The Scottish Play goes to Japan in this reimagining of Macbeth from Akira Kurosawa. Is that a samurai sword I see before me?
Toshiro Mifune gives an intense lead performance as the original Mac the Knife, AKA Taketoki, with a magnetic lazer-pointed stare. His hauntingly vacant wife Asaji (Isuzu Yamada) feels so otherwordly she’s less like the legendary Shakespearean shit-stirrer and more like her husband’s own dark inner thoughts projected back to him. And the pair are bolder than their Shakespearean counterparts, since they’re forced to do their scheming in rooms with paper walls.
Kurosawa creates a film thick with atmosphere from beginning to end – essential for a good Macbeth. The barren, misty hills feel very much like Japan’s answer to the Scottish Highlands and Kurosawa’s commitment to outdoor filming creates a visual quality to last. The moving forest is particularly well-handled, and a sequence in which arrows are fired at Taketoki is remarably realistic – and looks like it was very scary to film.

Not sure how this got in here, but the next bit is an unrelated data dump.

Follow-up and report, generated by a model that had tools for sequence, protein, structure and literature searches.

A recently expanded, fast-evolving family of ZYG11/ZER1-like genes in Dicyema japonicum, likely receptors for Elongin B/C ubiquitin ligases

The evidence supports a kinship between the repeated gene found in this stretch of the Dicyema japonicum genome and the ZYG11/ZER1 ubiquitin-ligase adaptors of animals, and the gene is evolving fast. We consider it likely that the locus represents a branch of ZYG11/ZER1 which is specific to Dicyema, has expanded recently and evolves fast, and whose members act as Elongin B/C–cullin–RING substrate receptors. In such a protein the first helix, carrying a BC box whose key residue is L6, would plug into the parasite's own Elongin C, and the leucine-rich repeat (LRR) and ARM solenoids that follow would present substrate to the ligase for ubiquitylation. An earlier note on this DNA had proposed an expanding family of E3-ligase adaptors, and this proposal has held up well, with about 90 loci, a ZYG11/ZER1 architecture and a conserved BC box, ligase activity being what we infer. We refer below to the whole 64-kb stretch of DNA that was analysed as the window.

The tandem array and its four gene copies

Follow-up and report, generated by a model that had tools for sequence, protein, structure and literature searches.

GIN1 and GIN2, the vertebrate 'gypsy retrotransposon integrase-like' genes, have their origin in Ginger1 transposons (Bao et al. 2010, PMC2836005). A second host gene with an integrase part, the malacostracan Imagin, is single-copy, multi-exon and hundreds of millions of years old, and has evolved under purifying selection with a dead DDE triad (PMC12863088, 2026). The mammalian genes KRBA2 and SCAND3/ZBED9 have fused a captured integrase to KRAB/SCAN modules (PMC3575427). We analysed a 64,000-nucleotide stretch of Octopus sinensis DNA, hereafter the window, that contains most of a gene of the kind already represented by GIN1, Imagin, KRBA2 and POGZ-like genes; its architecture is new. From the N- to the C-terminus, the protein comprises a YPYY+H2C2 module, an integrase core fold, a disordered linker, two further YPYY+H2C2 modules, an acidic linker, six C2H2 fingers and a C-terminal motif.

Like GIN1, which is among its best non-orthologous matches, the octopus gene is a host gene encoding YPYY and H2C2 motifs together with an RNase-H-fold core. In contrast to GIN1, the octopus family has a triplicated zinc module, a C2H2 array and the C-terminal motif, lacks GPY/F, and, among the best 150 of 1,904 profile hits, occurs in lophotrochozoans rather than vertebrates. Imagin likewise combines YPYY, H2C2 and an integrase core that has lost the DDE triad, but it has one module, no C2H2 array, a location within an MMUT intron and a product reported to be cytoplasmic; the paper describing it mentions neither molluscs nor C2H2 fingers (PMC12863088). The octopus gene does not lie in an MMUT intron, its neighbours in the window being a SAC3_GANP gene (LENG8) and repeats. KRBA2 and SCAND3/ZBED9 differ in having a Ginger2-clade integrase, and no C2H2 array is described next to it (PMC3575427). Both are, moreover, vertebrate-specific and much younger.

The story of Macbeth is interesting in that the circular logic of self-fulfilling prophecy is close to that of time travel, but written in a time before the concept of time travel was conceived of. Yet it essentially highlights the same paradox as The Terminator, but with foresight in place of back-travel. Once heard by the main agent, do prophecies have to be either self-fulfilling or false?
It winds up at a conclusion arguably more satifying than the one written by Shakespeare, proving Jamiroquai right that paranoia will, indeed, destroy ya. And by the time the hurly-burly’s done the battle may not be lost or won, but we do get both a faithful and atmospheric adaptation, and a bold reimagining.